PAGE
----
Foley Artist Exposé Rocks Hollywood

HOLLYWOOD – For as long as films have had sound, foley artists have had jobs. But that may change for Artie Poundcake, one of the most respected and well known foley artists amongst the glitz and glamour of tinsel town.

Then again, Poundcake may not need one.

His new book, Gishhhhewwiickkslpop, is smashing its way to the top of the New York Times Best Seller list.

Poundcake grew up on Ventura Boulevard, just east of where the vampires of Tom Petty’s “Free Fallin” move west. While his mother worked three jobs to pay rent, Poundcake was often left to his own devices for entertainment.

“There I was in the middle of one of the centers of the entertainment business, and my TV didn’t even have a speaker.”

Poundcake began to create sound effects and dialogue for the shows he watched. By the time he graduated high school, George Lucas had seen a demo reel of Poundcake’s work. The rest, as they say, is history.

“He was a prodigy,” said George Lucas. “I immediately built a wing for him at Lucas Ranch.”

And now Poundcake has told all in his exposé.

“What a lot of people don’t know is I make all the sounds with my mouth,” he says. “I don’t use real objects. That’s for amateurs.”

And in the book, he spells them phonetically.

“I want to inspire kids in this day of digital everything that they can do a lot with nothing. Also, they can do nothing with all they have. It’s their choice.”

A few examples from his book:

RRRREETTCHDHEEEKKK is a compulsory tire squeal in chase sequences (even on dirt roads, for idiot editors.)

PERHHHHc has been used in hand to hand combat for every John Wayne film ever made.

SLSSIEIEPLLSLSLLSCJNBBBB is a simple one used for footsteps on gravel.

However, some studio executives are protesting loudly from their large ranches, punching the air with the hand that isn’t holding a dirty martini.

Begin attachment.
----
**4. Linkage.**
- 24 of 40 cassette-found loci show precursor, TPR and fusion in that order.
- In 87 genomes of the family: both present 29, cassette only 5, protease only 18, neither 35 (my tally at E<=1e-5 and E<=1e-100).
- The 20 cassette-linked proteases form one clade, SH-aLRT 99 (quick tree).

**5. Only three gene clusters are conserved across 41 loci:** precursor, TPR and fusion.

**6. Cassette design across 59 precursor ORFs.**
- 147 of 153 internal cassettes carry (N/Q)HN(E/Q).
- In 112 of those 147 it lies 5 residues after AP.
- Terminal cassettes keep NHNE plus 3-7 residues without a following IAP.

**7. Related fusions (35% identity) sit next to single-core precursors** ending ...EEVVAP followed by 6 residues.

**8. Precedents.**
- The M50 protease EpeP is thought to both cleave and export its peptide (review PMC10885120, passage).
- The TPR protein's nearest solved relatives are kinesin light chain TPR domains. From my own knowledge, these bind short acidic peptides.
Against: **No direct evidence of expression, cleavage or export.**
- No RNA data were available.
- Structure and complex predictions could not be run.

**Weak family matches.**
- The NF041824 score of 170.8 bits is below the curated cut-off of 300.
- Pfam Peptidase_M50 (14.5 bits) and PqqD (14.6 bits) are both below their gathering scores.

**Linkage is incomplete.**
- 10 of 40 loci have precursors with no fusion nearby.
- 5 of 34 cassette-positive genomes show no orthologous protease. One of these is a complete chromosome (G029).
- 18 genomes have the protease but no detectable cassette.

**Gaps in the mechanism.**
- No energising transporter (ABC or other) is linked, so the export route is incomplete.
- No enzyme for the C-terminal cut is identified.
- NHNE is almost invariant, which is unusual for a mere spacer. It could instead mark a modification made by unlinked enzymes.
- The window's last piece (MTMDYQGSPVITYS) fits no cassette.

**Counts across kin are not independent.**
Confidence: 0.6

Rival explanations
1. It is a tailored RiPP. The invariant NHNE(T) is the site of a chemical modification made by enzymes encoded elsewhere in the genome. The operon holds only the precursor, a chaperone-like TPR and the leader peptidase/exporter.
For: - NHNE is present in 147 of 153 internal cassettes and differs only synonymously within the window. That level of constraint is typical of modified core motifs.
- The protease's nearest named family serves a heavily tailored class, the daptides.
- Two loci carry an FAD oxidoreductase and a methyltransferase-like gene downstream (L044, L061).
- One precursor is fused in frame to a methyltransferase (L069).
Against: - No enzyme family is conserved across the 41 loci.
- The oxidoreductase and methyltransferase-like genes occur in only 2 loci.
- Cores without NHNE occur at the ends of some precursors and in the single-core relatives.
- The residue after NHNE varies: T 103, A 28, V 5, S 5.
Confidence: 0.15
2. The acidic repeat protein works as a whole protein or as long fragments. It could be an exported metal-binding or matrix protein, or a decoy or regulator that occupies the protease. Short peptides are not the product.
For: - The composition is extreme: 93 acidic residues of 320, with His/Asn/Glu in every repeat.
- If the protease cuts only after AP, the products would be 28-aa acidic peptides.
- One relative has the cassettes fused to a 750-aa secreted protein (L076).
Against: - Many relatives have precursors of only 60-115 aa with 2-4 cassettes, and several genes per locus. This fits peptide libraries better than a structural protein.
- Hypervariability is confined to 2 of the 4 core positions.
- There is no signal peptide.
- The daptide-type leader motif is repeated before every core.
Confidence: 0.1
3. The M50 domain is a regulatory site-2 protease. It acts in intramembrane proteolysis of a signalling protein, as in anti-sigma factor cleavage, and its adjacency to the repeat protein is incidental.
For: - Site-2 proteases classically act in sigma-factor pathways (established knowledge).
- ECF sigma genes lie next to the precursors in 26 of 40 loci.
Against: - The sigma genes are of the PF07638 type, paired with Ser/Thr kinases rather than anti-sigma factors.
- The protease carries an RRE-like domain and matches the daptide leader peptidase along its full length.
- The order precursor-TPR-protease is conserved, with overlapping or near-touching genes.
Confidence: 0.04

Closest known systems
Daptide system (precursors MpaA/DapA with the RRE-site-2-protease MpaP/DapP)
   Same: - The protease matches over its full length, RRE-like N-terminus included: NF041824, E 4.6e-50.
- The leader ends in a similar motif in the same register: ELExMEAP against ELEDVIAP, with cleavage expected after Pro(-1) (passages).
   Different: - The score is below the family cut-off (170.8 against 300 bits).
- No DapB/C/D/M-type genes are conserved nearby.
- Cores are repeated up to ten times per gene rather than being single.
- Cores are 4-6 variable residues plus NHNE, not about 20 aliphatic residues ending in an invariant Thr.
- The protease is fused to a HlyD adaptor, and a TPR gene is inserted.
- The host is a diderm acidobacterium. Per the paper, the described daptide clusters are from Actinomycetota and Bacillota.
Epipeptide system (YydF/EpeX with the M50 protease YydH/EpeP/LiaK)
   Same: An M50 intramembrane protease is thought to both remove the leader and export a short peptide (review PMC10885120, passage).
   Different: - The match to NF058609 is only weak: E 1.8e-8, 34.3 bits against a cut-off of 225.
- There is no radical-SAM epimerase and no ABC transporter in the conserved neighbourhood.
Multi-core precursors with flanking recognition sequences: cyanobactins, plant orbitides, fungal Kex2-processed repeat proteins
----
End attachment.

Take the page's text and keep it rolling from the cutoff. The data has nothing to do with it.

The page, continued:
“He shouldn’t have pulled the curtain,” said the head of Trixar. “It’s like a magician giving away the secrets of the illusion.”

“This doesn’t sound like a good idea,” said Clark Tarke, executive of Marapount. (To be fair, Tark may have been referring to the idea of a clean martini.)

Other foley artists have also voiced their concerns.

“BoinkkkUUULLLUPPP,” said one veteran.

“CHCKEKEKEIJJJEANNVE,” said another, through tears.

In his own defense, Poundcake said, “I’ve always made waves. I guess this is just the next cycle.”

~ by Dan Plighter

Mystery Bank Robber Tracked Down

ANCHORAGE – In the late summer and fall of 2018, a string of bank robberies in Anchorage, Alaska baffled law enforcement.

“There was no getaway vehicle. No sign of how the suspect managed to disappear. This went on for months.”

First the Northrim Bank was held up in late October of 2018. Then a Wells Fargo, almost a month later to the day. Finally in December, the Northern Skies Federal Credit Union was robbed. The characteristic tying the three establishments together? They were near the University of Alaska.

Justin Lambo, lead detective on the case divulged, “It was always around the same time. About 4 o’clock in the afternoon on a Thursday. The suspect, dressed in a ball cap, baggy sweatshirt, and backpack, would enter the bank, take a good amount of cash with no fuss, and then… vanish. We don’t think the suspect was armed.”

Since December, investigators have kept a close watch on the financial institutions. To no avail.

Until Thursday.

A suspect in a ball cap, baggy sweatshirt and backpack entered the Anchorage 5th 3rd 12th Bank, gathered cash from a teller, and then vanished.

Almost.

“We saw these tracks leading from the entrance to the bank to an apartment building. It was pretty easy after that.”

Around five in the evening, officials stormed the home of John D. Ilinger. Inside, was a pair of nordic skis, $20,000 in small bills stacked neatly on a coffee table, and a few rolls of quarters next to a jug of laundry detergent.

“At first we thought the suspect was clean, but then we pieced it together. The evidence fits.”

Mr. Illinger confessed to the robberies of the other banks last fall. He also confessed to being a sophomore at the University of Alaska.

“You think I’m going to take out loans?” Illinger said in a statement, leaning back in his chair in a posture of defiance for all institutions for all time.

Lambo said, “The suspect being a student explains the time, and how he vanished into the throng of students getting out of class. We think his getaway vehicle lat fall may have been a skateboard. Punk skateboarding hooligans. Who can tell them apart?”

When asked why he thought he could get away from a bank on nordic skis in the dead of winter, Illinger replied, “I trained for two months. I’m in good condition. But now I have a bad track record.”

~ by Dan Plighter